-d '[{"item":"kale","count":10},{"item":"almonds","count":12}]'

HTTP/1.1 300 Multiple Choices

X-Riak-Vclock: a85hYGBgzGDKBVIcypz/fgaUHjmTwZTInMfKoG7LdoovCwA=

Vary: Accept-Encoding

Server: MochiWeb/1.1 WebMachine/1.9.0 (someone had painted...

Last-Modified: Thu, 01 Nov 2012 00:24:07 GMT

ETag: "54Nx22W9M7JUKJnLBrRehj"

Date: Thu, 01 Nov 2012 00:24:07 GMT

Content-Type: multipart/mixed; boundary=Ql3O0enxVdaMF3YlXFOdmO5bvrs

Content-Length: 491


Content-Type: application/json

Etag: 62NRijQH3mRYPRybFneZaY

Last-Modified: Thu, 01 Nov 2012 00:14:04 GMT



Content-Type: application/json

Etag: 7kfvPXisoVBfC43IiPKYNb

Last-Modified: Thu, 01 Nov 2012 00:24:07 GMT



Whoa! What’s all that?

Since there was a conflict between what Mark and Andy set the fridge value to be, Riak kept both values.


Since we’re using the HTTP client, Riak returned a 300 Multiple Choices code with a multipart/mixedMIME type. It’s up to you to parse the results (or you can request a specific value by its Etag, alsocalled a Vtag).

Issuing a plain get on the shopping/fridge/97207 key will also return the vtags of all siblings.

curl "$RIAK/types/shopping/buckets/fridge/keys/97207"




What can you do with this tag? Namely, you request the value of a specific sibling by its vtag. To getthe first sibling in the list (Mark’s milk):


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curl "$RIAK/types/shopping/buckets/fridge/keys/97207?vtag=62NRijQH3mRYPRybFneZaY"


If you want to retrieve all sibling data, tell Riak that you’ll accept the multipart message by adding -H


curl "$RIAK/types/shopping/buckets/fridge/keys/97207" \

-H "Accept:multipart/mixed"

Use-Case Specific?

When siblings are created, it’s up to the application to know how to deal with the conflict. In our example,do we want to accept only one of the orders? Should we remove both milk and almonds and only keep thekale? Should we calculate the cheaper of the two and keep the cheapest option? Should we merge all of theresults into a single order? This is why we asked Riak not to resolve this conflict automatically… we want thisflexibility.

Resolving Conflicts

When we have conflicting writes, we want to resolve them. Since that problem is typically use-case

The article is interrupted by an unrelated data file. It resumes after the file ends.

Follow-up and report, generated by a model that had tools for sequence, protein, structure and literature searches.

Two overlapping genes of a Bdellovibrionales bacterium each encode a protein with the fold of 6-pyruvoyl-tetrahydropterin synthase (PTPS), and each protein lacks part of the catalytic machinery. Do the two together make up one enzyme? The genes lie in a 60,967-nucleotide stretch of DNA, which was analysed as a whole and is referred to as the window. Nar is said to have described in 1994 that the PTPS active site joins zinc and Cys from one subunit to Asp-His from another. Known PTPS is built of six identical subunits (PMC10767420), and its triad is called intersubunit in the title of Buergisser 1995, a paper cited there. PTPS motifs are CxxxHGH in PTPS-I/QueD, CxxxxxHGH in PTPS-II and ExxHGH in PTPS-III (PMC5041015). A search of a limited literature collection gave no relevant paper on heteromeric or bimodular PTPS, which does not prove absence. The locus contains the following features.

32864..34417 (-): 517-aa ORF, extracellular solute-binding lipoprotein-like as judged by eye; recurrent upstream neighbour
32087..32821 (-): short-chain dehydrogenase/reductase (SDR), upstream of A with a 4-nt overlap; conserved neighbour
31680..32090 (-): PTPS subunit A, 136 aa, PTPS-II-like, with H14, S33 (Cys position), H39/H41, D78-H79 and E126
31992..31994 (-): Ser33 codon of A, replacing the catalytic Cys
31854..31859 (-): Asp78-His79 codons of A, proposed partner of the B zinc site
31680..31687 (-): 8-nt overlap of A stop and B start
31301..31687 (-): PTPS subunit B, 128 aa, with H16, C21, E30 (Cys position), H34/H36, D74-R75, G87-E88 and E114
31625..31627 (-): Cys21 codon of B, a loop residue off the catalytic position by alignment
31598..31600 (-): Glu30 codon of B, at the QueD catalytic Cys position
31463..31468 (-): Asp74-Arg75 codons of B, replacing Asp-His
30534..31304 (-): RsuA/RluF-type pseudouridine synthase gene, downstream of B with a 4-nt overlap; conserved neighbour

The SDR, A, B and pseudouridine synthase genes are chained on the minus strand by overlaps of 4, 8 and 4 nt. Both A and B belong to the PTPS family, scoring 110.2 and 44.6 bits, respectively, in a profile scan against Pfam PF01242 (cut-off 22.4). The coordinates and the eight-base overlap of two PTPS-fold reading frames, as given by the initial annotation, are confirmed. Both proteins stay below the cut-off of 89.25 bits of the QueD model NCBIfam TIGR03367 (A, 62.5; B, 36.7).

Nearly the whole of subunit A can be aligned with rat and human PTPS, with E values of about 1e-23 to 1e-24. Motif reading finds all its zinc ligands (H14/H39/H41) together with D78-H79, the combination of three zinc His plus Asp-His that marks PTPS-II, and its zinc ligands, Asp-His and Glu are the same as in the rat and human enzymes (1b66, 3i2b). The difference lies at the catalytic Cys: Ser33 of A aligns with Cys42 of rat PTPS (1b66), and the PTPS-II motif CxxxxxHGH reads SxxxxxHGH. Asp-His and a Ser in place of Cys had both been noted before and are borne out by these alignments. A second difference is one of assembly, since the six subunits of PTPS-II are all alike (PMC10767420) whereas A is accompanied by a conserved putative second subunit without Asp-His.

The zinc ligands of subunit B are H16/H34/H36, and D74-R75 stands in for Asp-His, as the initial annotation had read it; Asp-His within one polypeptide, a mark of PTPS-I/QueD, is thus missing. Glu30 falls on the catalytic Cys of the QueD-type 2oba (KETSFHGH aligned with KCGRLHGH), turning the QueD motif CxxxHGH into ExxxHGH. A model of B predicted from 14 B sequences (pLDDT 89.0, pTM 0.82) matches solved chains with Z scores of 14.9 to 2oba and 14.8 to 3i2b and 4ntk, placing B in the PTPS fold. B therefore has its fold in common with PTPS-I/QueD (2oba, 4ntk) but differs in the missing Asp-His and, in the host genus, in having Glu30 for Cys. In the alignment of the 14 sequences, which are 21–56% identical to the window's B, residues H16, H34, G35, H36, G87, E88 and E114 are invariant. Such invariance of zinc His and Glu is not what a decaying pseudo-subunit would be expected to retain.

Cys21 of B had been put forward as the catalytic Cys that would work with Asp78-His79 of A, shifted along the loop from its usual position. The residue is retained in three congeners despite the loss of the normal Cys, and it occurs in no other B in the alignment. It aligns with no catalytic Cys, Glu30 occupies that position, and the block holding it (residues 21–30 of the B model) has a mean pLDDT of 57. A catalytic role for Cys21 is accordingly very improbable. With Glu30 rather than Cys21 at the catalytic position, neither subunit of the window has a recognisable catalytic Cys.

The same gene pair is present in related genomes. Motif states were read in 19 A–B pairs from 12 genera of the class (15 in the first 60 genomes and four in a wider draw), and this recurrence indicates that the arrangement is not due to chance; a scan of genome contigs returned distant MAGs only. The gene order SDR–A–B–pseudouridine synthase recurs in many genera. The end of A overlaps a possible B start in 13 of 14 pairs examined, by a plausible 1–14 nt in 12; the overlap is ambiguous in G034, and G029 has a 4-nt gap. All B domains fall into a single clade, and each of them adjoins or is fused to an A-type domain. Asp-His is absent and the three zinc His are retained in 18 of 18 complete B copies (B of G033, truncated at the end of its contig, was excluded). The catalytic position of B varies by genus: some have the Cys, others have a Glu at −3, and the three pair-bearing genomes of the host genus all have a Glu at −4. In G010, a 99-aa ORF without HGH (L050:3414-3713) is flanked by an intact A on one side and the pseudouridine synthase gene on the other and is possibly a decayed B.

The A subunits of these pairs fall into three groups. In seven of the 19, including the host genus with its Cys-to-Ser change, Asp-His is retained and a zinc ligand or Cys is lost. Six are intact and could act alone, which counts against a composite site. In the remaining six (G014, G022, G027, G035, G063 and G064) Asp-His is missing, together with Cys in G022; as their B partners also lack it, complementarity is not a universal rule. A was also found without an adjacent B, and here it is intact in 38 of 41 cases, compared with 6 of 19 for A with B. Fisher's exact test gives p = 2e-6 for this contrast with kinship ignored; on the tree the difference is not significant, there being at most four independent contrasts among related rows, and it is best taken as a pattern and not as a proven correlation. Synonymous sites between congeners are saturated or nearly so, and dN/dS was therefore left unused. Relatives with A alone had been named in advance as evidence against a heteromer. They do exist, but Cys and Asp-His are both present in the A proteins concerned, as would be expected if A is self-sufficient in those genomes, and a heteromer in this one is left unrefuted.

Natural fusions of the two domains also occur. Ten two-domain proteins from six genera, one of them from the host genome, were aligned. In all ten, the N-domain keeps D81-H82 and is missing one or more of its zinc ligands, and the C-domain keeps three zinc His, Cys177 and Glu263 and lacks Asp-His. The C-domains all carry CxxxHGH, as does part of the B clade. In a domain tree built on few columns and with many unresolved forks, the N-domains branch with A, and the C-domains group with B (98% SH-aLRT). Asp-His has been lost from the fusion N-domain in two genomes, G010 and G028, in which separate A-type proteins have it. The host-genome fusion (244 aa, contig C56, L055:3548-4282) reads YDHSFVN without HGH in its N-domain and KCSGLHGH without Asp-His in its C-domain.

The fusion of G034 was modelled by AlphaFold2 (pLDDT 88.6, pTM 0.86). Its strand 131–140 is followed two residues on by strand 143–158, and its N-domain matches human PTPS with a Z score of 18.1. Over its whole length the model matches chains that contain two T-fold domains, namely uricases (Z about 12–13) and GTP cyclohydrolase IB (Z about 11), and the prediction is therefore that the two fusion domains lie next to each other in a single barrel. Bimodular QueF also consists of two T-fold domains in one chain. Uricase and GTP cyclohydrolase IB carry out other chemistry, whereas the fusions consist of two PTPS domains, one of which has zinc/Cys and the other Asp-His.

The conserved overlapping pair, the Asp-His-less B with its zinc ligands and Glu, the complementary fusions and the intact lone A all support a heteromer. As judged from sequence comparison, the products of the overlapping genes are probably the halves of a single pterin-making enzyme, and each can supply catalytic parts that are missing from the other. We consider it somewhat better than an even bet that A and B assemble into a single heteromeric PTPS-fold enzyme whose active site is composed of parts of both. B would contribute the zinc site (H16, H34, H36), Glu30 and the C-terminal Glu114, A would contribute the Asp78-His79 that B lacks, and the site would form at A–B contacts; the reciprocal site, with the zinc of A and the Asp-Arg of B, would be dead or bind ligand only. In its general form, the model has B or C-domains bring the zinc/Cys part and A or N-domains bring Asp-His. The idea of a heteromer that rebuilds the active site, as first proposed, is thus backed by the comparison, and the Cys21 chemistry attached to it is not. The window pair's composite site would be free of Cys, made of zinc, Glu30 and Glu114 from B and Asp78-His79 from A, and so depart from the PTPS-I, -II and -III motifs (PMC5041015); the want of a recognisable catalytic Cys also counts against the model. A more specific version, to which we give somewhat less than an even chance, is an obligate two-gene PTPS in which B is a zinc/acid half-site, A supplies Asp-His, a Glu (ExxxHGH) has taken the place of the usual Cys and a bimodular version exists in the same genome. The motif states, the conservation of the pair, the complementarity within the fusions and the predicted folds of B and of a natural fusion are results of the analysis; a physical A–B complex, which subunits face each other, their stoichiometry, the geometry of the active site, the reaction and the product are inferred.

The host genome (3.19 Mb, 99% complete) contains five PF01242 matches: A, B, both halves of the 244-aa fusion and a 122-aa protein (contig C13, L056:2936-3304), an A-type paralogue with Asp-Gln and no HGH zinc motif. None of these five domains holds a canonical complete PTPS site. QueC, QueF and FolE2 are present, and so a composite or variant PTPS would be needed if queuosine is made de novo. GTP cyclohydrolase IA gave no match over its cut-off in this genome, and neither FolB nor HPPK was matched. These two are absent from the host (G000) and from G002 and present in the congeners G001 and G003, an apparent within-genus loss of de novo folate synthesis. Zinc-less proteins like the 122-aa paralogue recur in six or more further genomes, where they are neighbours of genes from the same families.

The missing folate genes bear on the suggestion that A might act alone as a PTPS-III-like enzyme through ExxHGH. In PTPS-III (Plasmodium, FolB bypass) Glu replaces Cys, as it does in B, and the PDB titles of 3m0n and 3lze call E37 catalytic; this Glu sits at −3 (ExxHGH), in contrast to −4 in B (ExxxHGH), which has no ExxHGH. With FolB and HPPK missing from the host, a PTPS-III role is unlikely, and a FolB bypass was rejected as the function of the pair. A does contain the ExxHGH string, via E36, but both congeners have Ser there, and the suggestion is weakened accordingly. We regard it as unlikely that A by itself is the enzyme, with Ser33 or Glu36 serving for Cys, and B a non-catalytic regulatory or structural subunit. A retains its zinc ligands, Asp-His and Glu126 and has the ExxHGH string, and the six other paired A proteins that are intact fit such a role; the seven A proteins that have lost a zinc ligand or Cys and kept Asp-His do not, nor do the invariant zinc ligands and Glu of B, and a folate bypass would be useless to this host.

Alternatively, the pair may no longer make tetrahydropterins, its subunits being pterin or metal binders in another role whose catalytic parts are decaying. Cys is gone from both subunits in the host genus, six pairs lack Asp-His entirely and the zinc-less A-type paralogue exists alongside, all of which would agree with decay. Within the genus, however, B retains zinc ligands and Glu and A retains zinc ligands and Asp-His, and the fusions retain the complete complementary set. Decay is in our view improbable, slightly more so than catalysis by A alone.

specific, Riak defers it to us, and our application must decide how to proceed.

For our example, let’s merge the values into a single result set, taking the larger count if the item is thesame. When done, write the new results back to Riak with the vclock of the multipart object, so Riakknows you’re resolving the conflict, and you’ll get back a new vector clock.

Successive reads will receive a single (merged) result.

curl -i -XPUT "$RIAK/types/shopping/buckets/fridge/keys/97207?returnbody=true" \

-H "Content-Type:application/json" \

-H "X-Riak-Vclock:a85hYGBgzGDKBVIcypz/fgaUHjmTwZTInMfKoG7LdoovCwA=" \

-d '[{"item":"kale","count":10},{"item":"milk","count":1},\


Last write wins vs. siblings

Your data and your business needs will dictate which approach to conflict resolution is appropriate. Youdon’t need to choose one strategy globally; instead, feel free to take advantage of Riak’s buckets to specifywhich data uses siblings and which blindly retains the last value written.

A quick recap of the two configuration values you’ll want to set:

• allow_mult defaults to false, which means that the last write wins.

• Setting allow_mult to true instructs Riak to retain conflicting writes as siblings.

• last_write_wins defaults to false, which (perhaps counter-intuitively) still can mean that thebehavior is last write wins: allow_mult is the key parameter for the behavioral toggle.


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• Setting last_write_wins to true will optimize writes by assuming that previous vector clockshave no inherent value.

• Setting both allow_mult and last_write_wins to true is unsupported and will result in un-defined behavior.

Read Repair

When a successful read happens, but not all replicas agree upon the value, this triggers a read repair.This means that Riak will update the replicas with the most recent value. This can happen either whenan object is not found (the vnode has no copy) or a vnode contains an older value (older means that it isan ancestor of the newest vector clock). Unlike last_write_wins or manual conflict resolution, readrepair is (obviously, I hope, by the name) triggered by a read, rather than a write.